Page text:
As an amateur skydiver, Stenfatt recognized the standard technicians of parachute packaging as well as release. He began assisting Copenhagen Suborbitals style as well as pack parachutes, as well as a couple of years later on he took control of the work of stitching the chutes also. He had actually never ever utilized a stitching device prior to, yet he discovered promptly over evenings as well as weekend breaks at his dining-room table.

Among his preferred tasks was the style of a high-altitude parachute for the Nex II rocket, released in 2018. While dealing with a model as well as confusing over the style of the air consumption, he located himself on a Danish stitching web site checking out brassiere parts. He made a decision to make use of bra underwires to tense the air consumption as well as maintain them open, which functioned rather well. Though he ultimately entered a various style instructions, the episode is a traditional instance of the Copenhagen Suborbitals values: Collect ideas as well as sources from any place you locate them to do the job.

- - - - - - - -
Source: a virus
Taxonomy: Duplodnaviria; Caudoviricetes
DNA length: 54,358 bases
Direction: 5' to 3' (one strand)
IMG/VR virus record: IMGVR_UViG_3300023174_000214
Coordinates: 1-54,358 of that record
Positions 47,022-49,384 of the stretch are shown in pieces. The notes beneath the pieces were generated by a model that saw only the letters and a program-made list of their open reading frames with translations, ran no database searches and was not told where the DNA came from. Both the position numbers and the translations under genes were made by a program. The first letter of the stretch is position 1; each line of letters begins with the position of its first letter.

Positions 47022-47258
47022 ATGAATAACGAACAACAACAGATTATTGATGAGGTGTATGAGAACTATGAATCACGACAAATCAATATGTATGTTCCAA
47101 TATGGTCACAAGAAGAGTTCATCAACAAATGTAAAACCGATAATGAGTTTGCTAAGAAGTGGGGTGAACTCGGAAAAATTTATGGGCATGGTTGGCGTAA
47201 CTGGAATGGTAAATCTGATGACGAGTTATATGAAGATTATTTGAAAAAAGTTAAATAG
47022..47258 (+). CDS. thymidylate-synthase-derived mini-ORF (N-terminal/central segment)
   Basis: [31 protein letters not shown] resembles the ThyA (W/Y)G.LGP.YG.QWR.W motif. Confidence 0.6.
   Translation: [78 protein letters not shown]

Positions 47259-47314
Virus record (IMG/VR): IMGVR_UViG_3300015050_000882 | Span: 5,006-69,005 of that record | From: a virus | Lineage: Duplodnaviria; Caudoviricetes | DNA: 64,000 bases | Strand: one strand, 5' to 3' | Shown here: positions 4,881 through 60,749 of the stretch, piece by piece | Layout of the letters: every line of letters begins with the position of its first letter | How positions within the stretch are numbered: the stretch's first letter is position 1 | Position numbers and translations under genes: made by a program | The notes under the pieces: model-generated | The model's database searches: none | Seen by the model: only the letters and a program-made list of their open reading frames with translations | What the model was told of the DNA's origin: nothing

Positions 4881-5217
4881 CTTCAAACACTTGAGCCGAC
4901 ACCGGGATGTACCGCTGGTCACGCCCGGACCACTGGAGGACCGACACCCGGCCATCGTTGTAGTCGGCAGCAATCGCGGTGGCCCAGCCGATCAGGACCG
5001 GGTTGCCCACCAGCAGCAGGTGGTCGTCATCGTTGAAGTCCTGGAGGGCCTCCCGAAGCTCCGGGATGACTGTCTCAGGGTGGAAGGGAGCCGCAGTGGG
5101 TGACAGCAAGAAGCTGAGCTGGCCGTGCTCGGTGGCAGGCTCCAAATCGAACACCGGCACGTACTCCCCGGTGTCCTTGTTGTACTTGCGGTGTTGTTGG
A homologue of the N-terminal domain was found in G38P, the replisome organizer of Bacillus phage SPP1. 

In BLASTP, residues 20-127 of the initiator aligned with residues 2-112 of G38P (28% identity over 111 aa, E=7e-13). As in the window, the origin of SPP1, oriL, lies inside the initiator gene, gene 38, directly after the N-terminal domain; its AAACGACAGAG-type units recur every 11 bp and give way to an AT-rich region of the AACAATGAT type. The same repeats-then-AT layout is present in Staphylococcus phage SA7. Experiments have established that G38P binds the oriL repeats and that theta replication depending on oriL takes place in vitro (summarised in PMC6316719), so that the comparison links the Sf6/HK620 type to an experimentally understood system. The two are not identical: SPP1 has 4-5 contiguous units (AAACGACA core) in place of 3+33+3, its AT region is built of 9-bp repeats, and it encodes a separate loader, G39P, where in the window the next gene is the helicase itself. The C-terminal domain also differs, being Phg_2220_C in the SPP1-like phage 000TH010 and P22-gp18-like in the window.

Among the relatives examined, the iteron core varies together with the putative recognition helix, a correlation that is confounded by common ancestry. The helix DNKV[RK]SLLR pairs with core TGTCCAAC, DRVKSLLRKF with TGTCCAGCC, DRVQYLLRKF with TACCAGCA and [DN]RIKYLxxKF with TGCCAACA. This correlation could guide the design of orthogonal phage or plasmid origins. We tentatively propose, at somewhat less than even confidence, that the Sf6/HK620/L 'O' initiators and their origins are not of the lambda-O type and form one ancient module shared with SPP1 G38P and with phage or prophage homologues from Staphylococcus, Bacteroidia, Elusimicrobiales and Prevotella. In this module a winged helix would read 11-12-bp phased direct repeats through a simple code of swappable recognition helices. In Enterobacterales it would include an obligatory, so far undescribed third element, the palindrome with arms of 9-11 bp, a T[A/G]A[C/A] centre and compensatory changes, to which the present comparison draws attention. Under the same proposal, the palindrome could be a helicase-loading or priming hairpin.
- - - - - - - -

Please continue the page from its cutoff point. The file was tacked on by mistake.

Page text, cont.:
Today, Stenfatt functions as lead parachute developer, regular agent, as well as astronaut prospect. He additionally remains to skydive in his extra time, with thousands of dives to his name. Having adequate experience zooming down with the skies, he’s intently interested regarding what it would certainly seem like to go the various other instructions.

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ASSISTIVE TECH

Assistive Tech And Video Games

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Assistive innovations have a rather large visibility right here on Hackaday, as well as this hack is absolutely nothing except intriguing. [kerchoo_22] is servicing a hands-free video game controller as a final project for her engineering class as well as we assume it deserves sharing.